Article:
UCL Institute for Environmental Design and Engineering


The role of crowd-sourced energy performance feedback in low-energy building design

The European Performance of Buildings Directive and the United Kingdom Climate Change Act have resulted in a range of measures aimed at lowering building energy consumption.

This framework uses regulatory, market based and other levers to encourage reductions in consumption and associated carbon emissions. Parallel to this is a set of drivers generated by social, economic and broader professional responsibilities. These include reputational pressures, personal and organisation ambitions, economic risks and societal pressures. 

This study used a mixed methodology to define this combination of influences as the ‘contextual pressures’. An initial literature review was combined with a phase of empirical research through participant observation in the early stage development of the CarbonBuzz platform to add practitioner insight to the framework. 

The role that energy information feedback currently plays in design, construction and management practice was then investigated. Three data collection and analysis phases were carried out: an industry-wide web-based survey; secondary energy consumption data from the CarbonBuzz platform and semi-structured interviews aimed at understanding which pressures have greatest impact on actors’ practice.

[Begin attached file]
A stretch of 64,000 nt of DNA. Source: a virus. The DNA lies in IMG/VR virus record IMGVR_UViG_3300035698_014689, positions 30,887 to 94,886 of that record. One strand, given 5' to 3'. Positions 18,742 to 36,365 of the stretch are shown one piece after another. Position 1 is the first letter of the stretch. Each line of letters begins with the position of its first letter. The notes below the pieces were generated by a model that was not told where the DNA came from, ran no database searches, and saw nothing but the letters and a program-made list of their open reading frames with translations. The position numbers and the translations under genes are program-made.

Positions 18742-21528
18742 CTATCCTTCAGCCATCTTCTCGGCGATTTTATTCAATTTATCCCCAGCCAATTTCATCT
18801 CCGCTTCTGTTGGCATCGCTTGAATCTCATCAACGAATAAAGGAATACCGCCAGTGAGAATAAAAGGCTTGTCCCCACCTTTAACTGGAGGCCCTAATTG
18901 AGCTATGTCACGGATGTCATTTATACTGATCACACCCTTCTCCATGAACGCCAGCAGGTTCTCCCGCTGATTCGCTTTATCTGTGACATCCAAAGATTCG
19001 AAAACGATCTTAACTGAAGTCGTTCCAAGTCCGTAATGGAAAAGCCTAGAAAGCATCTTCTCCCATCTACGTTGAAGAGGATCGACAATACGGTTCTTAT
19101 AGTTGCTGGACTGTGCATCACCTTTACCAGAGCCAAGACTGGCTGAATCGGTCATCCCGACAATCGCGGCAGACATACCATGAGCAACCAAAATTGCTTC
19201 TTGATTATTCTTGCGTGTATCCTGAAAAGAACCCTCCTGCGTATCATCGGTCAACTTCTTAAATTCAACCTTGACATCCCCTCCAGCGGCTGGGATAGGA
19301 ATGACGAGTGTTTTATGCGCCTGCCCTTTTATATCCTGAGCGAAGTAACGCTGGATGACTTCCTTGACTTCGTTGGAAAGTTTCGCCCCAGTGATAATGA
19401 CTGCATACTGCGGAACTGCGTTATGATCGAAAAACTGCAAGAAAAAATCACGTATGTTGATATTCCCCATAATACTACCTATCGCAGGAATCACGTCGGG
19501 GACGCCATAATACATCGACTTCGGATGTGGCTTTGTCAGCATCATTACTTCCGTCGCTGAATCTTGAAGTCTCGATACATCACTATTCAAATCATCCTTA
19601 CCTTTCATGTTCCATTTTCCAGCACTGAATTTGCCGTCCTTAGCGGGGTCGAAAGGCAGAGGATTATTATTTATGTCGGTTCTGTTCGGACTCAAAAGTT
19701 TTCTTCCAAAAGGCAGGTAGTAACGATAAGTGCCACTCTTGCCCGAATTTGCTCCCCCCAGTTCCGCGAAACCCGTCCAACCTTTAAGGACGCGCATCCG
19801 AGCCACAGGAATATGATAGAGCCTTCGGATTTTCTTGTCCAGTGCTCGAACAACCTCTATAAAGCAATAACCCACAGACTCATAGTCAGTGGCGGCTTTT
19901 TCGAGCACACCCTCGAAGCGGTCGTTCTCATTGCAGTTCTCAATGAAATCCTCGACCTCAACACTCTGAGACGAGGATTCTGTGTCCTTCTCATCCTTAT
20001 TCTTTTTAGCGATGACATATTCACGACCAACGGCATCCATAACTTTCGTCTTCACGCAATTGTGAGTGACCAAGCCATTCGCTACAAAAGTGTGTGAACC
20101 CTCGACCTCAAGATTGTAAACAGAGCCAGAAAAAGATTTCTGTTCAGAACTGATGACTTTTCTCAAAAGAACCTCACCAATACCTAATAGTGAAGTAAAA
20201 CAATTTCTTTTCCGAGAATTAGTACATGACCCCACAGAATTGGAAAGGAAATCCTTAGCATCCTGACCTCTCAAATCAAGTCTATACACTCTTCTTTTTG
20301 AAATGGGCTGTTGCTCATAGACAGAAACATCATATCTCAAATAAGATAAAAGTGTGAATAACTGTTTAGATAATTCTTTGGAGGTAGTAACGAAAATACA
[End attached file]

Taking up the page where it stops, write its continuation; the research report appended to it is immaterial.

A framework is proposed for the future role that crowd sourced energy information feedback could play in design, construction and management practice. The final phase synthesises the quantitative and qualitative data to identify what a future crowd sourced data platform must offer to meet the aspirations and motivations of actors working within the contextual pressures and the macro-aim of lower carbon emissions. This concludes with suggested alterations required to the contextual pressures to facilitate this. Recommendations are made for adjustments to the framework to increase participation in building evaluation targeted at the specifics of the energy gap and the motivations of industrial actors.

Finally, further work is identified to facilitate and evaluate any future changes to the contextual pressures.